Scottish National Party leader Nicola Sturgeon has shown off some of the balancing skills she may need after the election on a visit to a gym club today.
Ms Sturgeon managed not to use her hands, keep talking and stay upright as she walked across a balancing beam gym apparatus in front of cameras and a group of press photographers.
Ed Miliband has ruled out a confidence and supply deal with the SNP after the general election.
Asked if he would negotiate with SNP leader Nicola Sturgeon in the event of a hung parliament, Mr Miliband told the BBC's Andrew Marr: "It's not happening".
The Labour leader added: "I want to be clear about this. No coalition, no tie-ins. I'm not doing deals with the Scottish National Party."
Mr Miliband had already ruled out a formal coalition but had so far declined to comment on a potential looser arrangement with the Scottish nationalists - which had been seized on by the Conservatives.
He accused the SNP and the Conservatives of wanting to "set England and Scotland up against each other", promising his party will represent the whole of the UK.
SNP leader Nicola Sturgeon has thanked David Cameron's Conservatives for giving her party a high profile in the election campaign.Read the full story ›
Nicola Sturgeon has pledged that SNP MPs at Westminster will work to deliver a "better, fairer deal" for Scotland's 100,000 carers.
Scotland's First Minister said: "It is simply unfair that carers do not receive the same support as those looking for work. That's why the SNP will use our influence at Westminster to put carers firmly on the Westminster agenda, securing an increase in carers' allowance benefiting carers to the tune of £600 per year.
"We will never be able to do enough to fully recognise the incredible work our carers do. But carers in Scotland - and across the UK - can be confident that the SNP will be a strong voice for their interests in the House of Commons.
Nicola Sturgeon has spoken out about the constant intrusive questions she fields because she does not have children.Read the full story ›
Campaigning in Edinburgh, Scotland's Deputy First Minister John Swinney has responded to the IFS analysis of the parties' spending proposals and criticised George Osborne for using the figures during campaigning.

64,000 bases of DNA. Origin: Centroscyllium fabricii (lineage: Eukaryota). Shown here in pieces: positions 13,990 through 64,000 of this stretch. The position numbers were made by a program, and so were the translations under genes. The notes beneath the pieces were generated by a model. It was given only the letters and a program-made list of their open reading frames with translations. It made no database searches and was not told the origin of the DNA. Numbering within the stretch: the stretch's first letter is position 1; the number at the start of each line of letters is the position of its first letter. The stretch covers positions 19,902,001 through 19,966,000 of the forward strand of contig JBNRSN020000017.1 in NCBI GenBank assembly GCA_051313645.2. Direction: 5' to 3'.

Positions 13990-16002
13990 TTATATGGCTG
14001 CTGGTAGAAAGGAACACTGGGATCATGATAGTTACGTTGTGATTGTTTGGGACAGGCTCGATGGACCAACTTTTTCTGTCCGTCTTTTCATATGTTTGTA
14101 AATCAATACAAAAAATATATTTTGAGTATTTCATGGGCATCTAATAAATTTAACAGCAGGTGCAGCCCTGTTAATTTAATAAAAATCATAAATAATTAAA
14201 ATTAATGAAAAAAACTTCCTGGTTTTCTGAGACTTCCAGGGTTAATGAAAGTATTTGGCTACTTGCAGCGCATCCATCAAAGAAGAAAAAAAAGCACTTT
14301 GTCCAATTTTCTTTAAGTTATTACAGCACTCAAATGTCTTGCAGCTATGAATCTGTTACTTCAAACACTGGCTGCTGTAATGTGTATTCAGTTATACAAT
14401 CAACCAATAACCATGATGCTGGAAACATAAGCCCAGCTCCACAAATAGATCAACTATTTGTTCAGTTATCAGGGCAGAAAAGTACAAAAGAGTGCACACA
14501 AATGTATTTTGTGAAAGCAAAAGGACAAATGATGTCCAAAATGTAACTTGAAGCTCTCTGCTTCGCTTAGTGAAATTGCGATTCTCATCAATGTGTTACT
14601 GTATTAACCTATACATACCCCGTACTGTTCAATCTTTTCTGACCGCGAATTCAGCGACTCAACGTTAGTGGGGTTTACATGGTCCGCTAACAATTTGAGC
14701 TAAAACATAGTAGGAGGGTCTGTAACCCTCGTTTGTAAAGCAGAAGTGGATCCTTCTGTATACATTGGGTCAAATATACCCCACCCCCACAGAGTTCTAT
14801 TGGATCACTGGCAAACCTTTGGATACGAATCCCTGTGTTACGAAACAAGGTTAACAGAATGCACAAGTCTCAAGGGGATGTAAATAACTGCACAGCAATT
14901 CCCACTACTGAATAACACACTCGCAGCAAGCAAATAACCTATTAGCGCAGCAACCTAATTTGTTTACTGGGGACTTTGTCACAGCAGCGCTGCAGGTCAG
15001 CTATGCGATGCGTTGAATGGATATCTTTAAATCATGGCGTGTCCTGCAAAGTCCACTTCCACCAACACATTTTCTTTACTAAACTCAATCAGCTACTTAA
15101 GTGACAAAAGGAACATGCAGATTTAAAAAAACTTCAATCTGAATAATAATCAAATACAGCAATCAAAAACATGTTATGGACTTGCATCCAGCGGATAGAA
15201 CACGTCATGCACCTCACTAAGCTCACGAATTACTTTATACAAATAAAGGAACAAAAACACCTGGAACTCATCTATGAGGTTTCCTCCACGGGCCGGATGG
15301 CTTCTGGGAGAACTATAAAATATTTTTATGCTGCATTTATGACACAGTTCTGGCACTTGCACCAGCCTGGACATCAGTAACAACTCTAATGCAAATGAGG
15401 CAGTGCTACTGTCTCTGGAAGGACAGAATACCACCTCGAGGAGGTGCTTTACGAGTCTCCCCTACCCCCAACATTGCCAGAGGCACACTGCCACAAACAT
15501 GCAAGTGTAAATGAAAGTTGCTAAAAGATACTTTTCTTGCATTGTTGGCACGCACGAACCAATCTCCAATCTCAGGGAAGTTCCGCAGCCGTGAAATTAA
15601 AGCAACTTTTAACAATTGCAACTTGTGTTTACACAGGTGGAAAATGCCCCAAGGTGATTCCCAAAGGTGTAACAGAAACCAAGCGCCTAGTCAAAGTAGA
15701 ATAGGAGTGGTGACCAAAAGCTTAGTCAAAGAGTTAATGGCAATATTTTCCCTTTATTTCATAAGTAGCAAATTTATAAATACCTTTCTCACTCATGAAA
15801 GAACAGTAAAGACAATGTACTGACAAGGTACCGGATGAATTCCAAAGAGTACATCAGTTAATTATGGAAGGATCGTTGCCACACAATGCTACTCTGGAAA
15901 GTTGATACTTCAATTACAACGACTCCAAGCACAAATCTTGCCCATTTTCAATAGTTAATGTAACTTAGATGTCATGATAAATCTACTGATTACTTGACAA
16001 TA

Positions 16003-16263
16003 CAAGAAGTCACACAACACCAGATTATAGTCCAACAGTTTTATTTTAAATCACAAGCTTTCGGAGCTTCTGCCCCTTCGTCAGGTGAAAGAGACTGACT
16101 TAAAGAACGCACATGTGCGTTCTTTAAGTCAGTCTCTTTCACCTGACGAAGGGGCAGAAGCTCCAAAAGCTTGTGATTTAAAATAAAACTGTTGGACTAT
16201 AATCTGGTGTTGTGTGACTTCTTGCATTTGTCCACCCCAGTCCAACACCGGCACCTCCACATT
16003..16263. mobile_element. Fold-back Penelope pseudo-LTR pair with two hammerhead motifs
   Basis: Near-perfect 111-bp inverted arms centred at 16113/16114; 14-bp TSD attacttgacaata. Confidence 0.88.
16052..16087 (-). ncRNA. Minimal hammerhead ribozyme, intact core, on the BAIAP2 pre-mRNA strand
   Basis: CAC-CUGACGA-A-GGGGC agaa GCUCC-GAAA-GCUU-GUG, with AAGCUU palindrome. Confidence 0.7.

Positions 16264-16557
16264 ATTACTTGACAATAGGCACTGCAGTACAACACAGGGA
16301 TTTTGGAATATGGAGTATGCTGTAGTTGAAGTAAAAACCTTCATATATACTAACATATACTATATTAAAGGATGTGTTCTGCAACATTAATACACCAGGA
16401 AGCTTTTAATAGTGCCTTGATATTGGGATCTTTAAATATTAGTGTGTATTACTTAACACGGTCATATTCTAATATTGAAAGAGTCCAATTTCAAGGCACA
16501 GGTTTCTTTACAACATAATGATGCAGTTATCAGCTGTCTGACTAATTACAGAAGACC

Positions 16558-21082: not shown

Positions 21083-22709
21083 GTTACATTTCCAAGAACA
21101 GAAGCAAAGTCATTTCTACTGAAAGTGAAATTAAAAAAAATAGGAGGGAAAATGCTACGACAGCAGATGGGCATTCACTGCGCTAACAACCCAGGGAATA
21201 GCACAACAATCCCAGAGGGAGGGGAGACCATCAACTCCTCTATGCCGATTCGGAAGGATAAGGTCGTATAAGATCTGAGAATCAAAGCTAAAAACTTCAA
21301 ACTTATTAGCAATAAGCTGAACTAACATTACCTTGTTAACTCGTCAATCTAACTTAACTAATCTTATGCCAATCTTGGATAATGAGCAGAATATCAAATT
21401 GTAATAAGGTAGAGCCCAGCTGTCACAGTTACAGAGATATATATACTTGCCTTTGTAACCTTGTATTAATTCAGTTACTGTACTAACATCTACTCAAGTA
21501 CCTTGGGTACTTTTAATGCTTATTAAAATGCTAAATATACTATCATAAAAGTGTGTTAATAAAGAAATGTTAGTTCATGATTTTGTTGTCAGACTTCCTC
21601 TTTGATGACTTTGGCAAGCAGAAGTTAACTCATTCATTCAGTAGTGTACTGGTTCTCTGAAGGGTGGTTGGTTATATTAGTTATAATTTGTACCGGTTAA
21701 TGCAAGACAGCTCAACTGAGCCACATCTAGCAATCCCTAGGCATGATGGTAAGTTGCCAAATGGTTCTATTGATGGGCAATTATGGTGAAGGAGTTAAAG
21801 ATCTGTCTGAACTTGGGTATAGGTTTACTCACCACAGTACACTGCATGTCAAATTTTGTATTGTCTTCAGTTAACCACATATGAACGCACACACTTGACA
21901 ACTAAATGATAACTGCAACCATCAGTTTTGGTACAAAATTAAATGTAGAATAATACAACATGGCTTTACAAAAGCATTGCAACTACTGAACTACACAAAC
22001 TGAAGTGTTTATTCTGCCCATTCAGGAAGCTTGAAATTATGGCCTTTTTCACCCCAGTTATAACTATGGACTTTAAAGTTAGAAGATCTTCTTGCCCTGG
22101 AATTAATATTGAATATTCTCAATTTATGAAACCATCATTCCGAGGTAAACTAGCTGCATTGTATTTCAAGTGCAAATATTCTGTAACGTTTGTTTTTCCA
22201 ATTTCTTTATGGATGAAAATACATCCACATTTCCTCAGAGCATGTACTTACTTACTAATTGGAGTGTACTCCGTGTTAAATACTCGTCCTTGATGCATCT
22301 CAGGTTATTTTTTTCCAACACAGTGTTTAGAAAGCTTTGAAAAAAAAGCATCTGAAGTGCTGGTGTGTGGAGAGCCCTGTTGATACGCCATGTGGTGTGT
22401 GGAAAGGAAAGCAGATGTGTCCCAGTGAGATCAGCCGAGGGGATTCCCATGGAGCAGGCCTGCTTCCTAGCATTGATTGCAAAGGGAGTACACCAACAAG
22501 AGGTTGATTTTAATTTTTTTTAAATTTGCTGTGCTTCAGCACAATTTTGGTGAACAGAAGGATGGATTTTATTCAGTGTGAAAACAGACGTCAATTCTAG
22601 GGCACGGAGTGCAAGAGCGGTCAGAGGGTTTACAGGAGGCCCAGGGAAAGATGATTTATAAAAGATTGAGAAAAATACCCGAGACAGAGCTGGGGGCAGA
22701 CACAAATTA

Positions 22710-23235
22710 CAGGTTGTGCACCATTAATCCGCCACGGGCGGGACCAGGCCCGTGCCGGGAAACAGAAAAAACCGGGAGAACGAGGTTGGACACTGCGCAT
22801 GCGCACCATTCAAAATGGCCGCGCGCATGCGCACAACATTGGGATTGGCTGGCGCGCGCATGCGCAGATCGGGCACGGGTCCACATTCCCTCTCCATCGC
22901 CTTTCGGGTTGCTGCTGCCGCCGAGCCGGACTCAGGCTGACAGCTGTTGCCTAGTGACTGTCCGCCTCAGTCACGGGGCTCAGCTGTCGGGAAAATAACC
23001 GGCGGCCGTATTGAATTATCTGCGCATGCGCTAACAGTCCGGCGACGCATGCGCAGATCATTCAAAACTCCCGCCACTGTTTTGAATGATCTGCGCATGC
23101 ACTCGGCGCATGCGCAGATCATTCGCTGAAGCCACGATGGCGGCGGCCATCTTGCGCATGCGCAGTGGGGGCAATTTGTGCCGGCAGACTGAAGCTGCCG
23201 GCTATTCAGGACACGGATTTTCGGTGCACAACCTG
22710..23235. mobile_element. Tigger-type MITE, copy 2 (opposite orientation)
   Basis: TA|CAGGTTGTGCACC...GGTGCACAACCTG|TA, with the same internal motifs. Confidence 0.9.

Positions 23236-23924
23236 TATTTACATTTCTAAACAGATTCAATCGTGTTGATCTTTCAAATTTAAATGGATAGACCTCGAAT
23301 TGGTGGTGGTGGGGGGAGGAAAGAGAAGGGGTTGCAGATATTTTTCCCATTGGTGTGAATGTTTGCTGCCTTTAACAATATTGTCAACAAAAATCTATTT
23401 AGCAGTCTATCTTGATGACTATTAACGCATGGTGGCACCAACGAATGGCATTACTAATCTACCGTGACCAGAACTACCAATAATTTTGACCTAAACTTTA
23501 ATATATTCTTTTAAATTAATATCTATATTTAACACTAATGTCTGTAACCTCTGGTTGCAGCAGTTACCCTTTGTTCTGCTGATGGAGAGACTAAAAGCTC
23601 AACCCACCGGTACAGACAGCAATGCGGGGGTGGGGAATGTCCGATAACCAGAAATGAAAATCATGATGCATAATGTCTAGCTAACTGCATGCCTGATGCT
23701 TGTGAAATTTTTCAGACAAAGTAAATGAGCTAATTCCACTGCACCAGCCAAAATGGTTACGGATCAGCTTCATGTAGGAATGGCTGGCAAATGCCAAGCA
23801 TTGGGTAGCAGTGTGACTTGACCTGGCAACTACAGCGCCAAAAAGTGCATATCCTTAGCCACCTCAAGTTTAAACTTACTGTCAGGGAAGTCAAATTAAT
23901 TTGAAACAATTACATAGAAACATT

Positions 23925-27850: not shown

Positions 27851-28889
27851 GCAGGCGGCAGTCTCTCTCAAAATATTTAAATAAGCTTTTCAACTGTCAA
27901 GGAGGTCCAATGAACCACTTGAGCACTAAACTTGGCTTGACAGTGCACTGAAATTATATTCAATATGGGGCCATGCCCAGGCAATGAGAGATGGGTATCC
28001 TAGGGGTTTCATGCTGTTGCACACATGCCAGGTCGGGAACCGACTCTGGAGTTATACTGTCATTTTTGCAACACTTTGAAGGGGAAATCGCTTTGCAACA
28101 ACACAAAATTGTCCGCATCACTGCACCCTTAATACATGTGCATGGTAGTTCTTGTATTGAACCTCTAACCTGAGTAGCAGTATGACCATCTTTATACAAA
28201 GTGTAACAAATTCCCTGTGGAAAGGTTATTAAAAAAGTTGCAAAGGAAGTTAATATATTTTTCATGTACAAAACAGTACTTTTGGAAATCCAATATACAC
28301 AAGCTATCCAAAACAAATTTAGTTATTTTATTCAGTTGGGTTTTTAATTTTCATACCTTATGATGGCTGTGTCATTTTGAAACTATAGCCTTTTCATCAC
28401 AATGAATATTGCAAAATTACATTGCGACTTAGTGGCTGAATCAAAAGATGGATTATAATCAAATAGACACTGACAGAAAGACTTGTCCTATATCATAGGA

I accept the analysis of the IFS that the SNP's proposal will result in more borrowing than is proposed by the Conservative, Labour and Liberal Democrat parties on the proposition that we've put forward of increasing public spending by half a percent in real terms.
I accept that because that's what the public are calling out for. They're fed up with austerity and they want a clear voice to say austerity has got to come to an end and the investment in our public services and our public infrastructure has got to recommence.
Former first minister Alex Salmond said he has no regrets after joking that he would be writing the next Labour Party budget.
Salmond said he had merely been "poking fun" with the remark as he criticised David Cameron for his "po-faced" response to it.
Alex Salmond makes it clear: the SNP want to put Ed Miliband in No10 & we'd all pay a heavy price. See for yourself: https://t.co/sCja1us2pg
The Prime Minister tweeted a video, apparently filmed at an SNP event on April 13, in which Salmond tells the crowd he had heard a Labour spokesman say that Scottish Labour leader Jim Murphy would not be writing the party's budget.
Asked by BBC Radio Scotland if he regretted making the remarks, Salmond said, "Not in the slightest. I was making fun, poking fun, at the Tory claim that I'd be writing the Labour Party's budget. It was a joke, it was taken as a joke and people saw it as that."
David Cameron has told supporters he agrees with former prime minister Gordon Brown that having a large number of SNP politicians in the Commons would cause "constitutional chaos".
"For once Gordon Brown is absolutely spot on right," Cameron told the crowd in Penzance, Cornwall.
"You can have David Cameron and George Osborne back at their desks working, or you can have months of constitutional chaos," he added.
Gordon Brown has warned that Nicola Sturgeon's plans would leave a £7.6 billion hole in Scotland's economy, as he pitched Labour as the country's "party of fairness and social justice".
In a letter to voters, the former Prime Minister claimed both the SNP and the Conservatives would leave the NHS at risk.
He said the nationalists would "scrap the Barnett formula, meaning that our NHS and other public services could only be funded by taxes raised in Scotland."
He also warned that the Conservatives were "committed to billions of pounds more austerity - which means less money for Scotland and our NHS".